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American Museum of Natural History exhibition reveals how Dinosaurs lived
The huge dinosaurs called sauropods astound us. So massive! So tall! Such long necks and tiny heads! But more astounding is this: these strange giants rank among Earth’s great success stories, roaming the planet for 140 million years.

A detailed model of a 60-foot-long Mamenchisaurus is on display during the media preview of "The World’s Largest Dinosaurs'" exhibit at the American Museum of Natural History, in New York. The exhibition on view at the American Museum of Natural History from April 16, 2011, through Jan. 2, 2012, explores the biology of a group of uniquely super-sized dinosaurs: the long-necked and long-tailed sauropods [Credit: Mary Altaffer/AP]
Today, scientists from many fields have joined in an effort to figure out how they did it. Paleontologists, biologists, botanists, animal nutritionists and engineers all agree: the world’s largest dinosaurs were extraordinary creatures. The challenge is to discover what made them tick.

The exciting exhibition features cutting-edge research on super-sized sauropods—including the giant Mamenchisaurus, one of the largest animals to ever walk the Earth—and offers new insights into how their colossal bodies functioned. Visitors will have a chance to examine life-sized bones, muscles, internal organs, and more to discover the amazing anatomy of The World's Largest Dinosaurs.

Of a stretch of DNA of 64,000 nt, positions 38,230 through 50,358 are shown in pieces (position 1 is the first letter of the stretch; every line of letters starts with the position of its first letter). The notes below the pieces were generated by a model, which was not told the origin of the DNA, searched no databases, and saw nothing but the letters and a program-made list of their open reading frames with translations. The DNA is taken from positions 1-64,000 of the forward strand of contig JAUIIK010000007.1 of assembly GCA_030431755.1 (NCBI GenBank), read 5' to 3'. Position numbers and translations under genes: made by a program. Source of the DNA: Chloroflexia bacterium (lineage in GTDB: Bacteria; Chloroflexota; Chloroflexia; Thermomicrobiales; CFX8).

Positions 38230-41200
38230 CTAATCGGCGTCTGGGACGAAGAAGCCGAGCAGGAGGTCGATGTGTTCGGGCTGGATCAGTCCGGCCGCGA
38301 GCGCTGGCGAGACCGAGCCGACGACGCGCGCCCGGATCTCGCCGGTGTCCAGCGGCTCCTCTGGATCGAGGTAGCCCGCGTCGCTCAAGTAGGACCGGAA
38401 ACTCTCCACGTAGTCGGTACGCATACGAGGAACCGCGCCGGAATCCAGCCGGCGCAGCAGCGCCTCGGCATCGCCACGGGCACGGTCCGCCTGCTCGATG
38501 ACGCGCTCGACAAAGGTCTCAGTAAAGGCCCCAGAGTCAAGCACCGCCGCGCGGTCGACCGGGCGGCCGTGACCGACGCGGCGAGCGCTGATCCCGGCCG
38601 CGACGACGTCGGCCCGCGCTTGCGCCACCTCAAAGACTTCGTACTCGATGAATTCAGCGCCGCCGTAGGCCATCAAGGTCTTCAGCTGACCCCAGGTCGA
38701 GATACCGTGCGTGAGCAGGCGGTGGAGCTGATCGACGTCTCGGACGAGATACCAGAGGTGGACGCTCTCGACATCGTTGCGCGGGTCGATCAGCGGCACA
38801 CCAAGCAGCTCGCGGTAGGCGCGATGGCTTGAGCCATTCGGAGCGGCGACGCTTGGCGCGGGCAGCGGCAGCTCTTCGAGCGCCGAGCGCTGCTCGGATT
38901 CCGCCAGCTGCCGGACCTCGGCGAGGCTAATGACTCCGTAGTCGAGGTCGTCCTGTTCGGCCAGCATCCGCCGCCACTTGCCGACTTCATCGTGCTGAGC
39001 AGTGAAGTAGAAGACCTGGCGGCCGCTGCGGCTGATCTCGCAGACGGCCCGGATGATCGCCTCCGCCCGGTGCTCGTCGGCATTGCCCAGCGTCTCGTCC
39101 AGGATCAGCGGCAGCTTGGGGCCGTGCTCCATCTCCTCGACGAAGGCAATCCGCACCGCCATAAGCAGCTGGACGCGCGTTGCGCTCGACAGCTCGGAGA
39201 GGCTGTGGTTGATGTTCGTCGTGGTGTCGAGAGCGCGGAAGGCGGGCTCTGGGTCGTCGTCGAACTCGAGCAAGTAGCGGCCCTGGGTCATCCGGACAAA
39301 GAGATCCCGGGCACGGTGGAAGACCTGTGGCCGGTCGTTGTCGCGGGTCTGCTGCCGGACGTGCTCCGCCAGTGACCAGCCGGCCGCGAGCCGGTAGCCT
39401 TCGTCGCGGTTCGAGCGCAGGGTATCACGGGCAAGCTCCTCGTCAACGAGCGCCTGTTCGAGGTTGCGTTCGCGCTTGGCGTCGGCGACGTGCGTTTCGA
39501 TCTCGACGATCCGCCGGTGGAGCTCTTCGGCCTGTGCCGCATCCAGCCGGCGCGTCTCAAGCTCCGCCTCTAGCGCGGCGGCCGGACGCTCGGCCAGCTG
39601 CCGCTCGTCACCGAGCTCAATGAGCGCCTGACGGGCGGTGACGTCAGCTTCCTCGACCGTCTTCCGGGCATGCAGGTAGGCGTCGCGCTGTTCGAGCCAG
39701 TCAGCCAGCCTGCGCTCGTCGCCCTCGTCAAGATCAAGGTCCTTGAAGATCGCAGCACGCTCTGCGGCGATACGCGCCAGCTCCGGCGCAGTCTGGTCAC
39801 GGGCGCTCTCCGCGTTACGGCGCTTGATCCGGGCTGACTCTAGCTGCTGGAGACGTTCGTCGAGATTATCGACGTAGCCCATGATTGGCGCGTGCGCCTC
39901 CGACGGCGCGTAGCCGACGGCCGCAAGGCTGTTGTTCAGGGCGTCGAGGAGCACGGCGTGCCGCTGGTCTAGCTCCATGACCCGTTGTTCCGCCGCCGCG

The World’s Largest Dinosaurs (April 16, 2011-January 2, 2012), a new exhibition at the American Museum of Natural History, goes beyond traditional fossil shows to reveal how dinosaurs actually lived by taking visitors into the amazing anatomy of a uniquely super-sized group of dinosaurs: the long-necked and long-tailed sauropods, which ranged in size from 15 to 150 feet long.

Visitors to the American Museum of Natural history inspect a detailed model of a 60-foot-long Mamenchisaurus on display during the media preview of "The World’s Largest Dinosaurs'" exhibit, in New York. The exhibition on view at the American Museum of Natural History from April 16, 2011, through January 2, 2012, explores the biology of a group of uniquely super-sized dinosaurs: the long-necked and long-tailed sauropods [Credit: Mary Altaffer/AP]
Drawing on the latest science that looks in part to existing organisms to understand these extinct giants, The World’s Largest Dinosaurs will answer such intriguing questions as how an extremely large animal breathes, eats, moves, and survives by illuminating how size and scale are related to basic biological functions.

Innovative interactive exhibits—including the exhibition centerpiece, a life-sized, fleshed-out model of a60-foot- long, 11-foot-tall female Mamenchisaurus, known for its remarkable, 30-foot neck—will take visitors inside these giants’ bodies, shedding light on how heart rate, respiration, metabolism, and reproduction are linked to size. An interactive excavation at the end of the exhibition will introduce visitors to how dinosaurs are discovered in the field through a replicated dig site.

Source: Art Daily [April 16, 2011]

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